The Muscular Dystophy Association website defines Limb Girdle MD as
Limb-girdle muscular dystrophy (LGMD) isn’t really one disease. It’s a group of disorders affecting voluntary muscles, mainly those around the hips and shoulders. The shoulder girdle is the bony structure that surrounds the shoulder area, and the pelvic girdle is the bony structure surrounding the hips. Collectively, these are called the limb girdles, and it is the muscles connected to the limb girdles that are the most affected in LGMD.
The term proximal is also used to describe the muscles that are most affected in LGMD. The proximal muscles are those closest to the center of the body; distal muscles are farther away from the center (for example, in the hands and feet). The distal muscles are affected late in LGMD, if at all.
The Muscular Dystrophy Association website explains the signs and symptoms of Limb Girdle MD as
LGMD, like other muscular dystrophies, is primarily a disorder of voluntary muscles. These are the muscles you use to move the limbs, neck, trunk and other parts of the body that are under voluntary control. Over time, muscle weakness and atrophy can lead to limited mobility and an inability to raise the arms above the shoulders.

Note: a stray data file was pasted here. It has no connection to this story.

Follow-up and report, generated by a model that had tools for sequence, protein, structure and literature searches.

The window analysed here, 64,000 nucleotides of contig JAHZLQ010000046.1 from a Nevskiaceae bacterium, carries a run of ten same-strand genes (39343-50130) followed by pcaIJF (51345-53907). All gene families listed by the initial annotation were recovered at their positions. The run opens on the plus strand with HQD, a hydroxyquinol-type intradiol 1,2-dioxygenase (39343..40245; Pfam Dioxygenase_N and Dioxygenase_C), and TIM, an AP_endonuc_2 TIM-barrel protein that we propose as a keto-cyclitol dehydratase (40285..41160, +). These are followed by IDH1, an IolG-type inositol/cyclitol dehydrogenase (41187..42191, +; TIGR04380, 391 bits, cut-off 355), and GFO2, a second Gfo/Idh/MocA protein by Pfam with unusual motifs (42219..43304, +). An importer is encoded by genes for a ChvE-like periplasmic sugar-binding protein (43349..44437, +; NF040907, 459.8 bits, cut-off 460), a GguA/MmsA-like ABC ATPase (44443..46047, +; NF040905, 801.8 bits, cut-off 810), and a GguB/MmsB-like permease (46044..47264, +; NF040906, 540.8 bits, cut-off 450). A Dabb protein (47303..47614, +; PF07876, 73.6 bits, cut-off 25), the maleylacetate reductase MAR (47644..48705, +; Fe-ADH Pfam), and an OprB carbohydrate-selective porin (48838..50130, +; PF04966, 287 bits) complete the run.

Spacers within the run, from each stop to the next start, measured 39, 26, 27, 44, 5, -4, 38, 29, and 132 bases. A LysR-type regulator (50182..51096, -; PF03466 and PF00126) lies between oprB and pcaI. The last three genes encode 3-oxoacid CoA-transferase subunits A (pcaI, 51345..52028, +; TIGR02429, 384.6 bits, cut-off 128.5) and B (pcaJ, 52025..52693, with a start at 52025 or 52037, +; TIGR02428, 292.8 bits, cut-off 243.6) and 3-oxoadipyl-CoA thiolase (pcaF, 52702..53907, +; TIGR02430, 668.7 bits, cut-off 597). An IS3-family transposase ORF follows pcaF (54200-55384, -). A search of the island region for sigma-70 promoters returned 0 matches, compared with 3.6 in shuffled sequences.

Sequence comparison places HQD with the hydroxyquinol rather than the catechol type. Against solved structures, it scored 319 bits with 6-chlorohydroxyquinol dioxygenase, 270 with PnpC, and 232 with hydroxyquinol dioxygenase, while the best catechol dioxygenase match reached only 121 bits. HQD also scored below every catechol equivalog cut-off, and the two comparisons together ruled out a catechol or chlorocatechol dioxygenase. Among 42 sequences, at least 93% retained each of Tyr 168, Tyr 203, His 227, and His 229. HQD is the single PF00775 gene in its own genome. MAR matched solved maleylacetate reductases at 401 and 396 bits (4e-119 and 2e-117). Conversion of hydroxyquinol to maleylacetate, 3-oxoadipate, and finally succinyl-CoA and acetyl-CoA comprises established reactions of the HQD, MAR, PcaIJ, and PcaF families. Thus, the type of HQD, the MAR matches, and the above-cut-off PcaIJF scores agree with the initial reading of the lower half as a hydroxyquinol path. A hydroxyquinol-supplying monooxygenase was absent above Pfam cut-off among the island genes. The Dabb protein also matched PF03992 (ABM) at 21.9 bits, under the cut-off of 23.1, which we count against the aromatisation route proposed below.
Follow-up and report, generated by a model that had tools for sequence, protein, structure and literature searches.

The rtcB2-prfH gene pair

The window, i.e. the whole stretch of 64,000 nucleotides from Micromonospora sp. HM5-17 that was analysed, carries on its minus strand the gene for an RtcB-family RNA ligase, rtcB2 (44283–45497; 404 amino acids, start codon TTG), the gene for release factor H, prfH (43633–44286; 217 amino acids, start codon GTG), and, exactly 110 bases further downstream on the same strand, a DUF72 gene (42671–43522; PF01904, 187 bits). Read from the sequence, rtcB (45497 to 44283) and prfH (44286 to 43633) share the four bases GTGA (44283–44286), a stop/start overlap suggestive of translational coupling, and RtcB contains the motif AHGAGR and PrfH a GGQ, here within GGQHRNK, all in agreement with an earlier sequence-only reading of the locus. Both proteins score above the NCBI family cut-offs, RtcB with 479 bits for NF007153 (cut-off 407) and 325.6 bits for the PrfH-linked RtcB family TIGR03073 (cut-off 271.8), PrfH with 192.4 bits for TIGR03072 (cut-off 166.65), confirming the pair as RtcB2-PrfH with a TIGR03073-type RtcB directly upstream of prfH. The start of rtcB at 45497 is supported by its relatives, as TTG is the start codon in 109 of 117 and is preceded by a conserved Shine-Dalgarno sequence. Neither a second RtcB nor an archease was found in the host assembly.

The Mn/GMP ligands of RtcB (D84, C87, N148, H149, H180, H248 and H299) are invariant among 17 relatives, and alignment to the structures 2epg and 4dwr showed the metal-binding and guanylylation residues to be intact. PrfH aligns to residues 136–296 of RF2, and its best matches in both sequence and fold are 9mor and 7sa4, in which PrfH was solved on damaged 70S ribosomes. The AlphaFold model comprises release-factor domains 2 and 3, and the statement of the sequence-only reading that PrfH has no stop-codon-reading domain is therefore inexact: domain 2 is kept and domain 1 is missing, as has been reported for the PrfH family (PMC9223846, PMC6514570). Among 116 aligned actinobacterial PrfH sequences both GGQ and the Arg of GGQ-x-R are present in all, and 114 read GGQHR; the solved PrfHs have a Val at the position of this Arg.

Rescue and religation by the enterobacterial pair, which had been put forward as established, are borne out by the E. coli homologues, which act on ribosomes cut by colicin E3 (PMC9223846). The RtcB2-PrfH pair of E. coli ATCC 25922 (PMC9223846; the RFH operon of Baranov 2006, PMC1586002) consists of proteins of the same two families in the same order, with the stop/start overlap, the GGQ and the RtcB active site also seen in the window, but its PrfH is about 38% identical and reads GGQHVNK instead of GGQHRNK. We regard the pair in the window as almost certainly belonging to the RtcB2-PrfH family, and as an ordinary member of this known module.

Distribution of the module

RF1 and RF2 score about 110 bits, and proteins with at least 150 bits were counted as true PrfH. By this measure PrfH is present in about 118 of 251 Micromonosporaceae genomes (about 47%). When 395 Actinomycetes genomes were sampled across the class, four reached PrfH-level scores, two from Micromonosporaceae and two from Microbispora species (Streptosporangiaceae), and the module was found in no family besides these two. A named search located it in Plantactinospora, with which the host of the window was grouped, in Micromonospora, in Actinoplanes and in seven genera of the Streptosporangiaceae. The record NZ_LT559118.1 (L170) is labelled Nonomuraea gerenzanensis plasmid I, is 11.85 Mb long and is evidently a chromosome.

The involuntary muscles, except for the heart (which is a special type of involuntary muscle), aren’t affected in LGMD. Digestion, bowel, bladder and sexual function remain normal. The brain, intellect and senses also are unaffected in LGMD. Cardiopulmonary complications sometimes occur in later stages of the disease.
Liam’s doctors have explained that with close monitoring of his heart, lung function and diet he can potentially live a long life. He should expect to use a wheelchair, potentially need a pace maker, and a Cpap machine at night by his early teen years. No one really knows what the future holds.